As New Jersey lawmakers continue to argue over how best to fund the nearly bankrupt Transportation Trust Fund (TTF), a pool of money used to fix the state's roads and bridges, a new concern has been brought to the table.

Gas prices
Hand with gas pump and money (ThinkStock Images, ThinkStock)

With people driving less miles per day and more fuel efficient vehicles on the market, Senator Bob Gordon (D-Fair Lawn) is concerned that increasing the gas tax won't generate enough revenue to replenish the TTF.

"How do you address those who are concerned that just because of those kinds of changes there may be a long-term downward trend in revenue? Does that suggest that we need to supplement a gas tax with other forms of revenue?" asked Gordon during an Aug. 10 hearing of the Senate Legislative Oversight Committee.

The experts asked the questions were Forward New Jersey Chairman Tom Bracken and Utility and Transportation Contractors Association Executive Director Anthony Attanasio, both of whom have been pushing for a TTF funding solution for over a year.

Both agreed that while that might be a problem down the road, the focus needs to remain on funding a revenue source for the TTF.

"Right now that's not the issue," responded Bracken. "Down the road it might be an issue, but let's get down the road. Let's get to the point where we have to address the fact that maybe there's more electric cars, maybe there's more solar cars or whatever there are."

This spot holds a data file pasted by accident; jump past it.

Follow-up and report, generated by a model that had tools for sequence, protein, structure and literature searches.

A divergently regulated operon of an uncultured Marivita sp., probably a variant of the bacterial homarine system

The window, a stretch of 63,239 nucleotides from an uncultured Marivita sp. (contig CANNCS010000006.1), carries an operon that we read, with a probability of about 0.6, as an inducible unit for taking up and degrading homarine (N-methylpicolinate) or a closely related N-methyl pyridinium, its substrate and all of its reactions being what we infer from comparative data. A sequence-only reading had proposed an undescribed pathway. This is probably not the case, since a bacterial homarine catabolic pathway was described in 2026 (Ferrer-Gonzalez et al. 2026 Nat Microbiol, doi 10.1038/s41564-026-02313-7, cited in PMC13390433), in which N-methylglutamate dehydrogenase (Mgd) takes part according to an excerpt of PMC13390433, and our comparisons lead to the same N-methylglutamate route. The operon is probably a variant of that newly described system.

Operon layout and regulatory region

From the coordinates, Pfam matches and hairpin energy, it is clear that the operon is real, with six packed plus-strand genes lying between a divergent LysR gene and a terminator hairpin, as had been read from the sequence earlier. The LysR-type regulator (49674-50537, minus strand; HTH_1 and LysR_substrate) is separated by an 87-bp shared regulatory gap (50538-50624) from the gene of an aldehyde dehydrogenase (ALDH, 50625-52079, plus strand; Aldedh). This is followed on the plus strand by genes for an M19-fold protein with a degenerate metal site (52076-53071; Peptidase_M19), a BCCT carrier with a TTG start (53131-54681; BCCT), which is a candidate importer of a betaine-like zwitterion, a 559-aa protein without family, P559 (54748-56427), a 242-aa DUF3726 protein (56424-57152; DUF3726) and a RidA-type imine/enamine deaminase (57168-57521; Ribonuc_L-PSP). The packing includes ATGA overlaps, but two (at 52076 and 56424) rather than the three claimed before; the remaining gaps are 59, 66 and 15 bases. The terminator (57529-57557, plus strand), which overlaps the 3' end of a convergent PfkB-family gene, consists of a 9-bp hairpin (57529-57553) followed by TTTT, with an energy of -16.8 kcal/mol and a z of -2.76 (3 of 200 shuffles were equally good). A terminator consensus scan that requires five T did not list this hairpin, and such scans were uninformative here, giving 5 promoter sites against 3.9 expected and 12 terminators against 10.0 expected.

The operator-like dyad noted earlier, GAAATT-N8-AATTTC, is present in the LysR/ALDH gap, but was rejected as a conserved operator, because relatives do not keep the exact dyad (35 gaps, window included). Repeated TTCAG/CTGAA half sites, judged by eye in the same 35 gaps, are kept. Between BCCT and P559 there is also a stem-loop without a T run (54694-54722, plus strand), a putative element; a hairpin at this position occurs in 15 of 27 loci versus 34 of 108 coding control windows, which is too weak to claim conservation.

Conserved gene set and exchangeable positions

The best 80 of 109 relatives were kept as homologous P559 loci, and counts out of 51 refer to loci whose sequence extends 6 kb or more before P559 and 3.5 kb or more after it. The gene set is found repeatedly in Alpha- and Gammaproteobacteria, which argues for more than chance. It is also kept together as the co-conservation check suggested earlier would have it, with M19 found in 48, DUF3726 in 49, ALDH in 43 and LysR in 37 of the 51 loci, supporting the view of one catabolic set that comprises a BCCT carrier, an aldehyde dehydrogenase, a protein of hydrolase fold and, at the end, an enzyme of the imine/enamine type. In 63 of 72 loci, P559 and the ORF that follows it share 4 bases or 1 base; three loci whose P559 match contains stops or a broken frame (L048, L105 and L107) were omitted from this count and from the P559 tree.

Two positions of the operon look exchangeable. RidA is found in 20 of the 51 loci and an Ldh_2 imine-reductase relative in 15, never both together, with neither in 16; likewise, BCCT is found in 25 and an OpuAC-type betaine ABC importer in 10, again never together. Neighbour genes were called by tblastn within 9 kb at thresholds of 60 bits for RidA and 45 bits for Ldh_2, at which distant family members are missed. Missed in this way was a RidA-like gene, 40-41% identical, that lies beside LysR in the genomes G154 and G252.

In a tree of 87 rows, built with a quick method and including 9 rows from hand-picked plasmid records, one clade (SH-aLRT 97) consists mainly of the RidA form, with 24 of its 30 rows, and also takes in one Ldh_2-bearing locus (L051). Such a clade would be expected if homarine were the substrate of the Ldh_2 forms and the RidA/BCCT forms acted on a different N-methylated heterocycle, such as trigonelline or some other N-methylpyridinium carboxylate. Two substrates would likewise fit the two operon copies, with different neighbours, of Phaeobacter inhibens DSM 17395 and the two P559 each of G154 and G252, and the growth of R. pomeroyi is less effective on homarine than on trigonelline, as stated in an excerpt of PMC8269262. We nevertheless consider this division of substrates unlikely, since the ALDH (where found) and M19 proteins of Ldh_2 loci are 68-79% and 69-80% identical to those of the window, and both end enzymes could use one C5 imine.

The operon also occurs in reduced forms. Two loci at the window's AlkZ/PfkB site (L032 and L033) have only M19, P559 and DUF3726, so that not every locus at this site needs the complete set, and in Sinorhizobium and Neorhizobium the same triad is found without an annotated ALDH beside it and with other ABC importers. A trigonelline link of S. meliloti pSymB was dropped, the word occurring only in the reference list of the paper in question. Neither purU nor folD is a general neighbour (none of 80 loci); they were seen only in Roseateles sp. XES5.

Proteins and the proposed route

Bracken suggested that it will be up to future lawmakers to address any issues that might arise in terms of ensuring there is a sustainable and recurring revenue source to keep the TTF afloat.

"Let's get something going right now so we have something on the table that we can start with and the flexibility issue will kick in we'll deal with those in the future," Bracken said.

Attanasio suggested that tying a gas tax increase to the cost of living would work, but agreed with Bracken that it was not a discussion for right now. He noted that people always want to poke holes into revenue raisers that could solve the funding problem while the problem itself continues to grow.

"There always seems to be an excuse as to why not to raise the dedicated revenue for transportation infrastructure. Now it's fuel efficiency or fewer miles traveled is going to diminish the return on investment," Attanasio said.

Without a new funding source, the TTF is on pace to run out of money in June 2016.

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